Media/Pop


The camera, and to a greater extent, the moving camera, have truly messed with our notions of experience and objectivity.  The movie editing techniques that have proliferated do not respect the view from one point of view.  In that, they insist upon a third person view of the world.  Weird. Wherewith with that?

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In this article, the consequences of transparency in public life are considered. It appears that money revels the collective nature of the system. Lawfulness appears in behavior, but that lawfulness requires us to posit a limited sort of an individual. Essentially selfish, but with a limited notion of self. Revealing our collective side, once again. Brains drive those smaller units, as they generate P-worlds. Consensus will be of our common nature, and not of that which is first person.

The set of things generally acknowledged to be real is getting bigger. That’s gotta be a plus.

…As so much of what we think of as ineffable and private is actually public and lawful, we should learn to recognize that of which we can speak. We can speak only of our collective nature. We can not speak of the individual.

When I look at the music teenagers are listening to in 2009, it looks curiously thrown together without history. They never know when something is clearly derivative, and when it is original, and they are just as happy with a third remake as they are with the source. But then I realize that I am like that too. Watching a movie like Lebowski, I am ignorant of the multiple layers of quotation (Busby Berkely, anyone?) he uses. We are awash in cultural detrius and quotation.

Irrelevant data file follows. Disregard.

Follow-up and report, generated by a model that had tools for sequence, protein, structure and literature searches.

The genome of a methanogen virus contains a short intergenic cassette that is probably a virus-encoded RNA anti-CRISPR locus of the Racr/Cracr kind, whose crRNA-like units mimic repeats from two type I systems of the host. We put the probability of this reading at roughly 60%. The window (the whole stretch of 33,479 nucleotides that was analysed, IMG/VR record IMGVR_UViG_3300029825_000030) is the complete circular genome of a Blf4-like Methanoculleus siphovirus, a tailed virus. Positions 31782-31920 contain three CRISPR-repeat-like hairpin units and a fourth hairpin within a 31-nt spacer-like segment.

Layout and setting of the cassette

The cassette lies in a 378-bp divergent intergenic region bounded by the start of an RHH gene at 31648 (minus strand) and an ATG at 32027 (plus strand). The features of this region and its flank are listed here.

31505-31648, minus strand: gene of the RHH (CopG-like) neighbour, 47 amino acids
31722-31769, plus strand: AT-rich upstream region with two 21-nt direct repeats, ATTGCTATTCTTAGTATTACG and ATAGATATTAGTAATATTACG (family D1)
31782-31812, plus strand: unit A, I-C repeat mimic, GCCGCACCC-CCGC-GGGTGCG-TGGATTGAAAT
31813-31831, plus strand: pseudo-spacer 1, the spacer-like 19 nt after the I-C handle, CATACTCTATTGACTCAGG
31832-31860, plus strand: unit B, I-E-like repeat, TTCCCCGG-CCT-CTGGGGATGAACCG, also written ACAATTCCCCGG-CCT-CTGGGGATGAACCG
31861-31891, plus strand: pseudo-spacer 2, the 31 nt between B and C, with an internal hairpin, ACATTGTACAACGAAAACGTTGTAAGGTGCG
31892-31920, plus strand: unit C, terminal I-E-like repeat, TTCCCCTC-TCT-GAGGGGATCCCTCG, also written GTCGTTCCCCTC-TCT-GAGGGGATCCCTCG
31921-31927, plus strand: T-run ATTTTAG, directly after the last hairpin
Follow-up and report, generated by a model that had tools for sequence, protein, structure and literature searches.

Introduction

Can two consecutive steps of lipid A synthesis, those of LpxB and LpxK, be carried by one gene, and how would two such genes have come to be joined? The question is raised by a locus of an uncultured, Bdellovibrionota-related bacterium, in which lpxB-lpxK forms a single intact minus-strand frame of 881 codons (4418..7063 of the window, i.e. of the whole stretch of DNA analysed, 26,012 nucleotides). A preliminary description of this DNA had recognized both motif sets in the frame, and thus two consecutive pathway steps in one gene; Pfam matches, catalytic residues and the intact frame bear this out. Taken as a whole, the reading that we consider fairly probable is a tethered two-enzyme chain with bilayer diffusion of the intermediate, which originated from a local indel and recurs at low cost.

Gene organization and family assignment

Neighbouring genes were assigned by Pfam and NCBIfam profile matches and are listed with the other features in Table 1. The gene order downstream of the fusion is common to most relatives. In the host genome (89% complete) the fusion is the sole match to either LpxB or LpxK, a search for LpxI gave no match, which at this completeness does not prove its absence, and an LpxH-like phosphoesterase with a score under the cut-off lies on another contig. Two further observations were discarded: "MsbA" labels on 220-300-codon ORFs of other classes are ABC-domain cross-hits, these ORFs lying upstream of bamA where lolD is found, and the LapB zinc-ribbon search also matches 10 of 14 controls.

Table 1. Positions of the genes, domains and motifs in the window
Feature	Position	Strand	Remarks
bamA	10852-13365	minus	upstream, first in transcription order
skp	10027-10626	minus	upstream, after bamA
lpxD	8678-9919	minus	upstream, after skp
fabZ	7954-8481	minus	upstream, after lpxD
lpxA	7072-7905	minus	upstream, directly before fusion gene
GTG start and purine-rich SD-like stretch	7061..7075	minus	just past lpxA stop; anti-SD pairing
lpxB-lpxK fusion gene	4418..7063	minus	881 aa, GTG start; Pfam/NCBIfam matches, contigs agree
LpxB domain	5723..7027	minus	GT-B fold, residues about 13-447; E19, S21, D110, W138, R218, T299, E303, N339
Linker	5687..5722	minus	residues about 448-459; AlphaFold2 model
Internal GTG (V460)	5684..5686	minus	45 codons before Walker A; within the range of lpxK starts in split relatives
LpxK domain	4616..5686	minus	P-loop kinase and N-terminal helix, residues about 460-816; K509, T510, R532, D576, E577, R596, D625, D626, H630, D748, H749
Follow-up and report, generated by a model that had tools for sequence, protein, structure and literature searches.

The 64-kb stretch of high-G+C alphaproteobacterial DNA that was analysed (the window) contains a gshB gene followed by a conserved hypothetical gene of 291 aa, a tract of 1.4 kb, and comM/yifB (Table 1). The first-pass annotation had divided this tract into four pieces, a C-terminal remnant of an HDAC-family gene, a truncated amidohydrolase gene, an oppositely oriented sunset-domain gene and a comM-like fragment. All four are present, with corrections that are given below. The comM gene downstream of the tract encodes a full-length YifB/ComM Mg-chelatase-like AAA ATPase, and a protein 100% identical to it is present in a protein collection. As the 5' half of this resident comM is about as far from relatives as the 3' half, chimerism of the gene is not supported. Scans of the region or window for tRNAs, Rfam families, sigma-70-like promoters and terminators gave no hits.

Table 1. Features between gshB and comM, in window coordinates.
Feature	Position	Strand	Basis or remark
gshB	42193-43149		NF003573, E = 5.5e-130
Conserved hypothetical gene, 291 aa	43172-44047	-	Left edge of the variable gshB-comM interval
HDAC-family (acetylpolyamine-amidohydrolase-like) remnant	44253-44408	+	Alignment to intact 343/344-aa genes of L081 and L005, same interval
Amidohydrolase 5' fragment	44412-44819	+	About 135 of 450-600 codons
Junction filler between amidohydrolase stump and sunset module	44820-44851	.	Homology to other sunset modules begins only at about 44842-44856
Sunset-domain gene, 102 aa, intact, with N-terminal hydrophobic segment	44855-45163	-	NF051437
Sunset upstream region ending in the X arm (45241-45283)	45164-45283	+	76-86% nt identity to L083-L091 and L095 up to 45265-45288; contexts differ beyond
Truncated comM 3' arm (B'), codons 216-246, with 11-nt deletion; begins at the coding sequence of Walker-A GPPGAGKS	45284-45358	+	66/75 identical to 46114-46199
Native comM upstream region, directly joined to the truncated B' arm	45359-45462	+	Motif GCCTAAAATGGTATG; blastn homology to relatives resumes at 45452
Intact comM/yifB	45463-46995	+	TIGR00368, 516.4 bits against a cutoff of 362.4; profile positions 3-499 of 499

Watching an interesting documentary on economics, which pits Keyensian interventionism against von Hyeck and free markets, it strikes me that this tension, which stretched throughout the 20th century, derives from two views of markets: to the free marketeers, markets are forces of nature, not to be controlled, but to be accepted. To the Keyensians, they are a big machine, to be tuned and fiddled with. From where I stand, they are neither. They both miss the fact that markets are us! The issue of how we control them, how we constrain them, these are questions of self-definition. We therefore need to resolve this collectively, and ideology (either) simply will not do!

We look at a simple cell and we can see both the world it is embedded in, and the much more limited set of distinctions it is capable of making.  These latter distinctions are drawn in terms of the cell’s own constitution and collectively form the world met by the cell: its phenomenal world.  Now we look at our own P-world.  We can imagine a being with greater perceptual abilities standing above and without all that we see and encounter and seing us in similar fashion.  Where then, is our equivalent to the membrane?  Answer: the limits of perception: those surfaces and sounds and sensations that make up the P-world.  Put differently, the media constitute the membrane of the P-world.  This serves to help define media too.

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